Teen gets vaccinated, rebelling against anti-vaxxer mom

Elias Hubbard
February 12, 2019

But it wasn't until speaking with friends that he realized he was the only one out of his peer group to not have had the life-saving vaccinations.

Lindenberger's opinion on vaccinations hasn't changed his mother's mind, but Wheeler did say it's been a learning experience. I'd assume that I can get them on my own, but I've just never had a conversation with anyone about the subject.

The B.C. Centre for Disease Control tracks child immunization and reports that 82.1 per cent of children aged seven had been immunized for measles in 2018, compared to 88.4 per cent in 2017 and 90.2 per cent in 2016. "Even though I'm 18, I don't pull that card".

An Ohio teenager recently got vaccinated, against the wishes of his mother, after he conducted his own research that challenged what he'd been told during his childhood.

"It was like him spitting on me", Wheeler told Undark. You don't know what you're talking about.

OH is one of several states where parents can make that decision.

Jill Wheeler, the mother of Ethan Lindenberger, 18, vaccinated her oldest daughter and partially vaccinated her oldest son. The oral vaccine started giving people polio. Despite measles being officially declared "eliminated in the United States" in 2000, the number of measles cases have been increasing ever since, with 79 cases already in 2019, a lot of them in Washington state. His mother has already indicated that she will not allow his 16-year old brother to be immunized, although he wants it, Lindenberger said.

"More children in the WHO European Region are being vaccinated against measles than ever before; but progress has been uneven between and within countries, leaving increasing clusters of susceptible individuals unprotected, and resulting in a record number of people affected by the virus in 2018", the United Nations agency said this week in a news release.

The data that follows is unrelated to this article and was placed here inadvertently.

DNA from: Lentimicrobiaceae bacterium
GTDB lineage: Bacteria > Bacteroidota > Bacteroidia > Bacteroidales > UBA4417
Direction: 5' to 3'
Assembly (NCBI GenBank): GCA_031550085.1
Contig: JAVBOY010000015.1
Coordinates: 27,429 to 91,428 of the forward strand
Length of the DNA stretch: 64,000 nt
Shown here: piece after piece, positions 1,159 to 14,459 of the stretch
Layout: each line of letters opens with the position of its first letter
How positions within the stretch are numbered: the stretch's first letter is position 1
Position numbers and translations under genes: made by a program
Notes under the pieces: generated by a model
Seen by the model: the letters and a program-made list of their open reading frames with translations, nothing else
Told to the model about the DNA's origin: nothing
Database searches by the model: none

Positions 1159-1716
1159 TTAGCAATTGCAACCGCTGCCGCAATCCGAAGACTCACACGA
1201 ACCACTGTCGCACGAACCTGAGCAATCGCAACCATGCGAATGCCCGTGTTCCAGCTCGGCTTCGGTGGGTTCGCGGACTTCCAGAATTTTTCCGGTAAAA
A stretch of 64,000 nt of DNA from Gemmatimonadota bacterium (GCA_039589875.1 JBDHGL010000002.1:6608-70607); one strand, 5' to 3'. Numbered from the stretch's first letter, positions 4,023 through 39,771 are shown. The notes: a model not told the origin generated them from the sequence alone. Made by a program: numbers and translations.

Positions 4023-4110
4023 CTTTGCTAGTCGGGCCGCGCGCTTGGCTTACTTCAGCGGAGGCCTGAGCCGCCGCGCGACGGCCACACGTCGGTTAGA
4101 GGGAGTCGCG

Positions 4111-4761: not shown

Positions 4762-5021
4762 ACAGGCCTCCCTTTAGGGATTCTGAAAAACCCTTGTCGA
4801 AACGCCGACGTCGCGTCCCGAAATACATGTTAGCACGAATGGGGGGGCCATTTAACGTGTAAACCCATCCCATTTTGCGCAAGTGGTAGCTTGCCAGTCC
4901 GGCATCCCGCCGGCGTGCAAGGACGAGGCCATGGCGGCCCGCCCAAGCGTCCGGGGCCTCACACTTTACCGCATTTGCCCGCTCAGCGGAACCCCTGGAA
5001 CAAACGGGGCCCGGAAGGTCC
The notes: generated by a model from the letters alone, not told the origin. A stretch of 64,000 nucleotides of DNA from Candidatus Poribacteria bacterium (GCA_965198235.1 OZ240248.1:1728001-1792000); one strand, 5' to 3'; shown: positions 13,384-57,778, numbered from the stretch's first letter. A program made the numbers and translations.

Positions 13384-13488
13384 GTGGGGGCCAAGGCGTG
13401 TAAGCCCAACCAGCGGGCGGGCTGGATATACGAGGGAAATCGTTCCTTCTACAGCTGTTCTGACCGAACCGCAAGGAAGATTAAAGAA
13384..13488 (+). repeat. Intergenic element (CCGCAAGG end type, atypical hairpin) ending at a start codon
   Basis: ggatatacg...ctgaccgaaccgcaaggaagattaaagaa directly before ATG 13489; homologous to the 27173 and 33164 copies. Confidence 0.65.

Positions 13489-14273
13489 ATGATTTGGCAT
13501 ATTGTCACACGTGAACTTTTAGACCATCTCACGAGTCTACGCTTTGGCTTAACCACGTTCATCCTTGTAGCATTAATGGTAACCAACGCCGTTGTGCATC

The report comes as both Canada and the United States face another year of measles outbreaks such as one now underway in Washington State and OR, where support for anti-vaccination has been notable.

The law requires the government to provide free immunization to infants and children up to 5 years of age for vaccine-preventable diseases such as measles, tuberculosis diphtheria, tetanus and pertussis; poliomyelitis; mumps; Hepatitis-B; and H. Influenza type B (HIB).

In 2015, at least 95 cases of measles were reported nationwide by the end of January. Lindenberger says his parents do not believe in vaccinations unless absolutely necessary. This is the scientific argument for a public health policy that aims at 100% vaccination coverage.

Other reports by Click Lancashire

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